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And fain would I be e'en as these!

Life is with such all beer and skittles;
They are not difficult to please

About their victuals.

The trout, the grouse, the early pea,

By such, if there, are freely taken ;
If not, they munch with equal glee

Their bit of bacon.

The mock seriousness of phrase, side by side with the lightness of sentiment, form a delightful contrast. It is so different from the seriousness of dear sad old Herrick

Our present tears, here, not our present laughter,
Are but the handsells of our joy hereafter.

It is shewn in one of Calverley's mocking laments for his past youth

All day I sang; of love, of fame,

Of fights our fathers fought of yore,
Until the thing became almost

A bore.

I cannot sing the old songs now!

It is not that I deem them low; 'Tis that I can't remember how

They go.

I could not range the hills, till high

Above me stood the summer moon;
And as to dancing, I could fly

As soon.

A last quotation from Mr. Calverley's work must be given, if for no other reason than the simple belief that if he had, in bis day, known of or anticipated the existence of our modern minor poet, it would probably have been respectfully dedicated to him

In moss-prankt dells which the sunbeams flatter

(And heaven it knoweth what that may mean; Meaning, however, is no great matter),

Where woods are a-tremble, with rifts atween.

Thro' God's own heather, we wonn'd together,

I and my Willie (O love, my love) :
I need hardly remark it was glorious weather,

And flitterbats waver'd alow, above.

In Arthur Hugh Clough the humorist begins to find that he has a duty beyond that of poking fun. Clough, , like the modern novel, has an object in life, and he pokes fun to a purpose—the purpose of withering, scathing satire. True, he sometimes forgets the humorous in the fierceness of his wrath, and true he forgets the form in the fervency of his zeal. But elegance is of less importance than energy, and the sturdy blacksmith is a grander, if less dainty, figure than the long-haired youth who, cigarette between fingers, gracefully lounges over the fence, wondering if the love of years is worth the taking.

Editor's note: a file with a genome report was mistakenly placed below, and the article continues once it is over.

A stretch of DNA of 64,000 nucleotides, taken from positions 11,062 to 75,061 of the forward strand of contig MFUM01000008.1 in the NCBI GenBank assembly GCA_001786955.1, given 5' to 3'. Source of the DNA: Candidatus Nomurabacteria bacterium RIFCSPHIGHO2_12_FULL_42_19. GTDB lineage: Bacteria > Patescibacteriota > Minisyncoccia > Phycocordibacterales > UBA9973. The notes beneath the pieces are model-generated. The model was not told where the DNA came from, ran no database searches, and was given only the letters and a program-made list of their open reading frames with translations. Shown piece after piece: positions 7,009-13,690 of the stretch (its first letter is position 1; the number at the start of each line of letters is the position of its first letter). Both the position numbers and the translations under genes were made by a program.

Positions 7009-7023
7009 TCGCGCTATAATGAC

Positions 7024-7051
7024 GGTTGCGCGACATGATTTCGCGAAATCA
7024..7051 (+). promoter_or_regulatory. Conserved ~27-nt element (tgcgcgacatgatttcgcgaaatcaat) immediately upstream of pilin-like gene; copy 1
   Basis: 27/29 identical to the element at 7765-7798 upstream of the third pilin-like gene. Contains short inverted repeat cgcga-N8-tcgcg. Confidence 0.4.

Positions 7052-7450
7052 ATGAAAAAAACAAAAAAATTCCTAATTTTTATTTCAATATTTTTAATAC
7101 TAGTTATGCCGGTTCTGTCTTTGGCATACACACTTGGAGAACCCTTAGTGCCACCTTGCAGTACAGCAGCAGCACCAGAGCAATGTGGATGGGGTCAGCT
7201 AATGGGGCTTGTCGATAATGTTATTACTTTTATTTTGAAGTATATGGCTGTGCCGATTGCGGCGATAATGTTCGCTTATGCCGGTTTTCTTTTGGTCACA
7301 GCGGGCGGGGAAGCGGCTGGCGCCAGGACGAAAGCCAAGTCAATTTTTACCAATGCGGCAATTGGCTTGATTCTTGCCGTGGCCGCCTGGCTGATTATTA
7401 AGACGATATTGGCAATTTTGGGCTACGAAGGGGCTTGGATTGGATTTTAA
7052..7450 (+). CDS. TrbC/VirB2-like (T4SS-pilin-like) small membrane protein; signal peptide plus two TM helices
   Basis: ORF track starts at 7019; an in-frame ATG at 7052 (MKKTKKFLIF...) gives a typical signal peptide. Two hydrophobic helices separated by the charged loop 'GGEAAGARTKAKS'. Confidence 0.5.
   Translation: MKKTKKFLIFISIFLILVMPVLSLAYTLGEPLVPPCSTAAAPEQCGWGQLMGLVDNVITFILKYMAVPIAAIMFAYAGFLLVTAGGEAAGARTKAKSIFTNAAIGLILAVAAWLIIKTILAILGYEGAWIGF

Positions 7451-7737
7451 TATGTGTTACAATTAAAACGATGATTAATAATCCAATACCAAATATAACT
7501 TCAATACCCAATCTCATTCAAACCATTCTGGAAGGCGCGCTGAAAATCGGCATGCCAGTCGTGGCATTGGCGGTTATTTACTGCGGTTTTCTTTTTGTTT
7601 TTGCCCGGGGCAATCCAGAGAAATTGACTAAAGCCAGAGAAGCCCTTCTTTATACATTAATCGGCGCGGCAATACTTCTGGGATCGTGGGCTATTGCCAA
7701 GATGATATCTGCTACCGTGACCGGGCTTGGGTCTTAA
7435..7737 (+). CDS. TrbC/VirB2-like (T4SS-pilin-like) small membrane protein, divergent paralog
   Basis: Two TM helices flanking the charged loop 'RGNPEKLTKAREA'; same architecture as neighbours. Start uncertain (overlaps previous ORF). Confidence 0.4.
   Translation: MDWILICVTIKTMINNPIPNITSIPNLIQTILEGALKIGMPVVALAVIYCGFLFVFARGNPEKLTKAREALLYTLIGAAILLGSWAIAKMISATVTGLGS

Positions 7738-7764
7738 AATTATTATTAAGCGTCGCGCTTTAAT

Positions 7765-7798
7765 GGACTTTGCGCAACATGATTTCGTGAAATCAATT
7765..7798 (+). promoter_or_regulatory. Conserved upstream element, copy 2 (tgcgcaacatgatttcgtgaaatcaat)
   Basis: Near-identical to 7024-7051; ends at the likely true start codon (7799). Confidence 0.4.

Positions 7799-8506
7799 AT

Mr. Saintsbury in one of his essays points out that the position of a pronoun or the music of a rhyme is of far less importance than the criticism of life. So in Clough's case, he was not a minor poet; his chord was the common chord of the grand major. Like Rudyard Kipling he began his troubles with the ten commandments

Thou shalt have one God only; who
Would be at the expense of two ?
No graven images may be
Worshipped, except the currency:
At church on Sunday to attend
Will serve to keep the world thy friend :
Thou shalt not steal; an empty feat,
When it's so lucrative to cheat:
Thou shalt not covet; but tradition
Approves all forms of competition.

Call it satire if you will, but who shall hedge in the truth of the sentiments which breathe in every line? A similar keenness of satire is seen in the extraordinary Spectator ab extra, of which I quote two stanzas

There's something, undoubtedly, in a fine air,
To know how to smile, and be able to stare ;
High breeding is something, but well-bred or not,
In the end the one question is, what have you got ?

So needful it is to have money.

It's all very well to be handsome and tall,
Which certainly makes you look well at a ball;
It's all very well to be clever and witty,
But if you are poor, why it's only a pity,

So needful it is to have money, heigho!
So needful it is to have money.